A crisis response approach for suicidal teens


In my current position as a clinical psychologist based on a hlgh school campus, I often have occasion to meet with adolescents who are suicidal, some having recently made suicidal gestures. Despite the complexity and variety of presenting issues, there is a set of more or less standardized steps to follow to ensure safety as well as appropriate follow-up. In this paper I present a case to illustrate how I have integrated EMDR. This approach to teen suicidality uses several elements of the motivation - anger - trauma therapy (MATT) approach for teens with conduct disorder, which has been described in detail elsewhere (Greenwald 1998, 1999, in press). In addition to the standard crisis interventions - letting the client talk out the problem, contracting for safety, implementing supports and restrictions as needed, and arranging follow-up - I have been using EMDR in various ways to enhance present safety as well as subsequent resiliency. For example: the Choices Have Consequences intervention (cited above, described below) helps the client to realize that self-harm leads to a poor outcome despite its initial appeal; the standard use of EMDR can help to reduce vulnerability to the type of stressor which led to the current crisis; and the Future Movies intervention (also cited above and described below) helps to create a more hopeful long-term perspective while enhancing coping skills.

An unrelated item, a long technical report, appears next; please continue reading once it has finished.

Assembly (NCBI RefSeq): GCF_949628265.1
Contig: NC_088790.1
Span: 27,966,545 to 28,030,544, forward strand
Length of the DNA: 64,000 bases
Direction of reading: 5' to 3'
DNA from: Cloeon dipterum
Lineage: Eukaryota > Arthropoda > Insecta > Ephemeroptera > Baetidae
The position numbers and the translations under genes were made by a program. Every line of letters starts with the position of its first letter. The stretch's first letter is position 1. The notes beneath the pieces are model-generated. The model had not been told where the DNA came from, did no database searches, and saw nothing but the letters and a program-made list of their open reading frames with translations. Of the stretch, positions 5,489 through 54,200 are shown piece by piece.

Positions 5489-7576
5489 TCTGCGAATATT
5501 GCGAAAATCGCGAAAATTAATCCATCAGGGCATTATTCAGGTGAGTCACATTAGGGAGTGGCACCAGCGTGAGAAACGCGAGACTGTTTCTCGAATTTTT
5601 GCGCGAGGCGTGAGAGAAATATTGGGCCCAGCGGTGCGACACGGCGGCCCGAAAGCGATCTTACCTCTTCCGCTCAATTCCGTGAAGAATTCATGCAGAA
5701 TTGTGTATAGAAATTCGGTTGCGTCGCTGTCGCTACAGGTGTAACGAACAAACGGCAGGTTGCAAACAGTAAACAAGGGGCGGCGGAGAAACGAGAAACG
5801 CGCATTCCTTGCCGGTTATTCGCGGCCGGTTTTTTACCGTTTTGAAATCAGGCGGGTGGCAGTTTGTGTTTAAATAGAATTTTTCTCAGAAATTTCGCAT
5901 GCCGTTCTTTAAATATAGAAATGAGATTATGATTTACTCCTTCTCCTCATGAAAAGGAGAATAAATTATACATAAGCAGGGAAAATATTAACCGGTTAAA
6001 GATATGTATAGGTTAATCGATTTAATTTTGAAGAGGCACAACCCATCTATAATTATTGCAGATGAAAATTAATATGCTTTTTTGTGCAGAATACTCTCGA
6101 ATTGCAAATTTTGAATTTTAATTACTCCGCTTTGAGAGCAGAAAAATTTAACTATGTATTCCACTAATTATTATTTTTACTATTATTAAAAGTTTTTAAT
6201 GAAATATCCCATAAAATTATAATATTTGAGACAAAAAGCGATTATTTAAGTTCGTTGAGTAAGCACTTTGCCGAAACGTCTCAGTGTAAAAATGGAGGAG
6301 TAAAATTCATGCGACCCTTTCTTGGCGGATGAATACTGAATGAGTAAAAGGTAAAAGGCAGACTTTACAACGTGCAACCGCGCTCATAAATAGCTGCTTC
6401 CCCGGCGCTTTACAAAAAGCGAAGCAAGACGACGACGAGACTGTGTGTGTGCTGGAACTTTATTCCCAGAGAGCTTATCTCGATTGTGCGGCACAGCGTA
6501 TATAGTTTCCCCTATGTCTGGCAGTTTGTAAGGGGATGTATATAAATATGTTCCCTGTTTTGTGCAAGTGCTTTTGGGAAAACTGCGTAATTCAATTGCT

Ricky Greenwald

Original Work Citation

Greenwald, R. (1999, June). A crisis response approach for suicidal teens. Poster presented at the 4th EMDR International Association Conference, Las Vegas, NV



“A crisis response approach for suicidal teens,” Francine Shapiro Library, accessed November 24, 2020, https://emdria.omeka.net/items/show/16737.

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